• A61MDEVICES FOR INTRODUCING MEDIA INTO, OR ONTO, THE BODY; DEVICES FOR TRANSDUCING BODY MEDIA OR FOR TAKING MEDIA FROM THE BODY; DEVICES FOR PRODUCING OR ENDING SLEEP OR STUPOR
    • A61M16/00Devices for influencing the respiratory system of patients by gas treatment, e.g. mouth-to-mouth respiration; Tracheal tubes
    • A61M16/04Tracheal tubes
    • A61M16/0434Cuffs
    • A61M16/0454Redundant cuffs
    • A61M16/0456Redundant cuffs one cuff within another
    • AHUMAN NECESSITIES
    • A61MEDICAL OR VETERINARY SCIENCE; HYGIENE
    • A61MDEVICES FOR INTRODUCING MEDIA INTO, OR ONTO, THE BODY; DEVICES FOR TRANSDUCING BODY MEDIA OR FOR TAKING MEDIA FROM THE BODY; DEVICES FOR PRODUCING OR ENDING SLEEP OR STUPOR
    • A61M16/00Devices for influencing the respiratory system of patients by gas treatment, e.g. mouth-to-mouth respiration; Tracheal tubes
    • A61M16/04Tracheal tubes
    • A61M16/0434Cuffs
    • A61M16/0454Redundant cuffs
    • A61M16/0459Redundant cuffs one cuff behind another

Description

WO 97/12640 PCT/GB96/02425 ARTIFICIAL AIRWAY DEVICE This invention relates to a laryngeal-mask airway (LMA) device, which is an artificial airway device designed to facilitate lung ventilation in an unconscious patient by forming a low-pressure seal around the laryngeal inlet. An inflatable-ring seal surrounds an appropriately shaped mask which fits into the lower pharynx and is attached to a tube which emerges from the mouth, as for connection to medical gassupply tubing.

More particularly, the invention relates to a variety of laryngeal masks, known as gastro-laryngeal masks (GLM), wherein provision is made for airway assurance to the patient who is at risk from vomiting or regurgitation of stomach contents while unconscious. U.S. Patent 5,241,956 deals with this problem by providing an evacuation tube which is open through the center of the inflatable seal of the laryngeal mask, thus utilizing the distal end of the inflatable ring as an inflatable-cuff formation which establishes peripherally sealed engagement to the upper sphinctral region of the oesophagus and centrally supports the distal end of the evacuation tube. In addition, said U.S. Patent 5,241,956 discloses a further inflatable cuff carried by the laryngeal mask and by the evacuation tube, for referencing inflation against the back wall of the pharynx, thus making it possible to establish the laryngeal-inlet seal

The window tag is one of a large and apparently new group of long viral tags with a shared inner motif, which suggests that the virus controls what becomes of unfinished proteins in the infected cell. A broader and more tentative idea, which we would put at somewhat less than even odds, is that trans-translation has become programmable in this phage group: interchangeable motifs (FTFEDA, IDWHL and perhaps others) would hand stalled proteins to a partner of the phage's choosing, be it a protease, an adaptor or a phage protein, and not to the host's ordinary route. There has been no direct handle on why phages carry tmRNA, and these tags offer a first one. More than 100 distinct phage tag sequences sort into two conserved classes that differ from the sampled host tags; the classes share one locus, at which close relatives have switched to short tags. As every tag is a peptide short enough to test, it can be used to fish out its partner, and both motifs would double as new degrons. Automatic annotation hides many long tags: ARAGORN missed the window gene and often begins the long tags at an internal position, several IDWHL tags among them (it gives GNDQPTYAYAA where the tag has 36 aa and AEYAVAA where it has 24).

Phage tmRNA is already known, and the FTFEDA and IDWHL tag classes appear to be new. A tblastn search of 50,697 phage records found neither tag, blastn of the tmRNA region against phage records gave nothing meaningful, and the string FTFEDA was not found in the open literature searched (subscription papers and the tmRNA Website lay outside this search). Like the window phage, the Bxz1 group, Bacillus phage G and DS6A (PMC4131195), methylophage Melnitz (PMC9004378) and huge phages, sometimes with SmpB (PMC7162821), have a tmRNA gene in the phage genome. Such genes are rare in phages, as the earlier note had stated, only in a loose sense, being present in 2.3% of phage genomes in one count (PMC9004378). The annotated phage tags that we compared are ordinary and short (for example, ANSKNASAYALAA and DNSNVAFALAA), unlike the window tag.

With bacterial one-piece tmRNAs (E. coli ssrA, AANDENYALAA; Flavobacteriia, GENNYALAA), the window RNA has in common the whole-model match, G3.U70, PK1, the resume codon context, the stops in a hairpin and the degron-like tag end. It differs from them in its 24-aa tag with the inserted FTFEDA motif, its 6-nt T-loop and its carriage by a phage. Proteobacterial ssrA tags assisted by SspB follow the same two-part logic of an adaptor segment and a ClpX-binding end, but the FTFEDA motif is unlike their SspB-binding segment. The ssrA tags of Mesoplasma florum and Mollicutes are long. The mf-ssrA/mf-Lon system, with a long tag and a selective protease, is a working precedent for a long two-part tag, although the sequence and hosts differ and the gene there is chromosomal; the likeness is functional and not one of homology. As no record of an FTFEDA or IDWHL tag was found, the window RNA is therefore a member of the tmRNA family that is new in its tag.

L

-2with reduced inflation pressure, as compared with prior structures not having such an additional inflatable cuff.

U.S. Patent 5,305,743 discloses moulding techniques for manufacture of a variety of laryngeal masks, including a gastro-laryngeal mask, wherein an inflatable back s cushion provides such referencing inflation against the back wall of the pharynx as to widely distribute the back-wall reference, over substantially the full area of the laryngeal mask. Such a back-cushion construction has been found to be mechanically simple and highly effective, and U.S. Patent 5,355,879 discloses such a back cushion for each of several representative laryngeal-mask constructions.

In practice, although a gastro-laryngeal-mask as described in said Patent 5,355,879 works well, it has the disadvantage that the gastric evacuation channel needs to be sufficiently stiff to prevent its collapse under the influence of the increased pressure within the back-cushion cuff, when it is inflated in the pharynx. A suitably stiff tube is readily provided, but the whole device is then more difficult to insert into the patient's throat, since insertion involves flexing the device around the angle at the back •of the tongue. Provision of a pre-curved airway tube facilitates passage around the back of the tongue, but the advancing distal tip end of the device is then more likely to collide with the glottis (or entrance to the larynx), and indeed it may block the larynx by so doing, with consequent danger to the patient.

Any discussion of the prior art throughout the specification should in no way be considered as an admission that such prior art is widely known or forms part of common general knowledge in the field.

Unless the context clearly requires otherwise, throughout the description and the claims, the words "comprise", "comprising", and the like are to be construed in an inclusive sense as opposed to an exclusive or exhaustive sense; that is to say, in the sense of "including, but not limited to".

It is an object of the present invention to overcome or ameliorate at least one of the disadvantages of the prior art, or to provide a useful alternative.